convenient to fix it before the full work table is assembled.)
8.
Start this check by making sure the main vacuum valve is completely
closed.
9.
Connect the pumping station Isobar (power strip) to AC power.
Figure 5
10. Make sure the power switch for each of the pumping station
components is in the ‘on’ position (turbomolecular pump controller,
active gauge controller, and roughing pump) as well as the main power
switch (all switches are located on the back side of the pumping
station).
11. The pumping station should be powered and the displays active.
Toggle the vacuum gauge display to read the pump vacuum (see the
Edwards Active Gauge Controller manual).
12. Start the vacuum pump by pressing the ‘Start’ button. The pressure
should quickly drop to below 10-4 Torr. If not, there is probably a leak
in the seal between the turbomolecular pump and the vacuum tee. If
there is a leak, try tightening the clamping bolts. If the leak persists,
press the ‘Stop-Start’ button to stop the pump, and let the system return
to atmospheric pressure. Replace the copper gasket seal and try
pumping down again.
13. After the pressure reaches 10-5 Torr, press the ‘Stop-Start’ button to
stop the pump, and let the system return to atmospheric pressure.
The pumping station is now ready for installation in the system.
For additional information on the pumping station components, refer to the
appropriate manual (included with the system). There is no separate manual for the
pumping station as a system.
Cryo-200, J.A. Woollam Co., Inc.
Section 2 System Setup • 7
Work Table Setup
Note: This procedure covers the setup of the CRYO-200 option as it relates to the
ellipsometer and not the setup of the ellipsometer itself. Please read “Operating
Instructions for the Janis Research SuperTran System” from Janis Research.
Schematic diagrams at the end of the Janis manual contain a general cryostat layout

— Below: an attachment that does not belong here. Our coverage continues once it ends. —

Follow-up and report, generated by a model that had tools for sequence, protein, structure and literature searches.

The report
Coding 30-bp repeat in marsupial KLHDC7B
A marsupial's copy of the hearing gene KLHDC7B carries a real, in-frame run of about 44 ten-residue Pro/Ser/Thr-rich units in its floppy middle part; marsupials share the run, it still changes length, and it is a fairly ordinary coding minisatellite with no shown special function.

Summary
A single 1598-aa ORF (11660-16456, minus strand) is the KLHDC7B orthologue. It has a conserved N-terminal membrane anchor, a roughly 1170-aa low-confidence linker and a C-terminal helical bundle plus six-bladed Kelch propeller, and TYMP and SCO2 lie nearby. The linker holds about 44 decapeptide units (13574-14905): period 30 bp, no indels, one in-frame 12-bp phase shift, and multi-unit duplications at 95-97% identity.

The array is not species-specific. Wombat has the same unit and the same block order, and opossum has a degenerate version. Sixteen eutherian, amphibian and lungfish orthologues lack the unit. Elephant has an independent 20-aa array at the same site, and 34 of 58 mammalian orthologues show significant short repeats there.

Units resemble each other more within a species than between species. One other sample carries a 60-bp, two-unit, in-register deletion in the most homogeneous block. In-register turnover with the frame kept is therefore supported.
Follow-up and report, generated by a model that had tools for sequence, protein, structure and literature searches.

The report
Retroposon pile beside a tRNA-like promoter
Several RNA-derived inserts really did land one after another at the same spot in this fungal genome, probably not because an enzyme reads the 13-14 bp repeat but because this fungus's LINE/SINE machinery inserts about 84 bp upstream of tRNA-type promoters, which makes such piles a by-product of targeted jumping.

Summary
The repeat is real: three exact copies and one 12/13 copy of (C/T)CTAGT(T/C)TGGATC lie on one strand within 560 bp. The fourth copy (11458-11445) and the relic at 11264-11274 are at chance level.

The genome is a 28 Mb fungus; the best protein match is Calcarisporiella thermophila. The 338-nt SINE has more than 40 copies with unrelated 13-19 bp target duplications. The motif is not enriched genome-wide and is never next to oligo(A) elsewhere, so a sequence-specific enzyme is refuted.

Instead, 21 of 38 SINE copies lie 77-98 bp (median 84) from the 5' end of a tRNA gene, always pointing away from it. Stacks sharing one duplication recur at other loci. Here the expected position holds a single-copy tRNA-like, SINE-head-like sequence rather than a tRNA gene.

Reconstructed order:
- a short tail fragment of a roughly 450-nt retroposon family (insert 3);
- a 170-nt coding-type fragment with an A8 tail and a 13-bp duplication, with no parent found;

and useful nomenclature. Also read “User’s Manual Model 330 Autotuning
Temperature Controller” from LakeShore. Section 2.6.2.2 contains useful
thermocouple hook up information.
Figure 6
Tools Needed:
• Rubber mallet
• 4mm key wrench
• 7/16” combination wrench
• 9/64” key wrench
• Small straight blade screwdriver
• Small phillips tip screwdriver
Parts Needed (in addition to the ellipsometer):
•
8 • Section 2 System Setup
Table components:
• 8’ side rails, 4 each
• 5’ support rails, 6 each
• 3’ support rails, 6 each
• 3’ support brace, 1 each
• Base, 1 each
Cryo-200, J.A. Woollam Co., Inc.
•
Tabletop, 1 each
•
Cryostat components:
• CRYO-200 storage stand
• CRYO-200 cryostat assembly
• M5 by 16 mm socket head cap screws, 4 each
• 1.45” ID copper gasket, 1 each
• Flexible vacuum line, 1 each
• ¼-28 bolts and nuts, 6 each
• #8-32 Socket head cap screws, 6 each
• #8-32 nut plate, 3 each
• .64” ID copper gasket, 1 each
• Cryogen transfer line, 1 each
• Cryogen dewar (not included)
•
Temperature controller components:
• Temperature controller, 1 each
• Power cord, 1 each
• Cold Junction Compensator, 1 each
• Thermocouple cable, 1 each
• Heater cable, 1 each
•
Exhaust port heater components:
• Heater controller, 1 each
• Power cord, 1 each
• Heater cable, 1 each
• Pumping station components:
• Assembled pumping station, 1 each
• Isobar power strip, 1 each
Facility Needs:
• Well ventilated room
• Computer Stand
• 4’ by 8’ floor space (plus room for computer stand) with 9’ ceiling
• 15 amp 120 VAC outlet (separate circuit from the ellipsometer)
Assembly Steps:
Cryo-200, J.A. Woollam Co., Inc.
1.
Assemble the outer frame (Figure 7 and Figure 8). A rubber mallet will
be necessary to persuade the supports into place. All four base supports
(two 3’, two 5’) should be in the #2 and #3 holes from the bottom.
Three of the top supports (one 3’, two 5’) should be in the #2 and #3
holes from the top. The last top support (3’) should be in the #6 and #7
holes from the top (this acts as a support for the cryogen transfer line
and should be located on the left hand side of the table).
2.
Install the base shelf.
Section 2 System Setup • 9
Figure 7
Figure 8
3.
Place the vacuum pumping station on the base, located toward the back,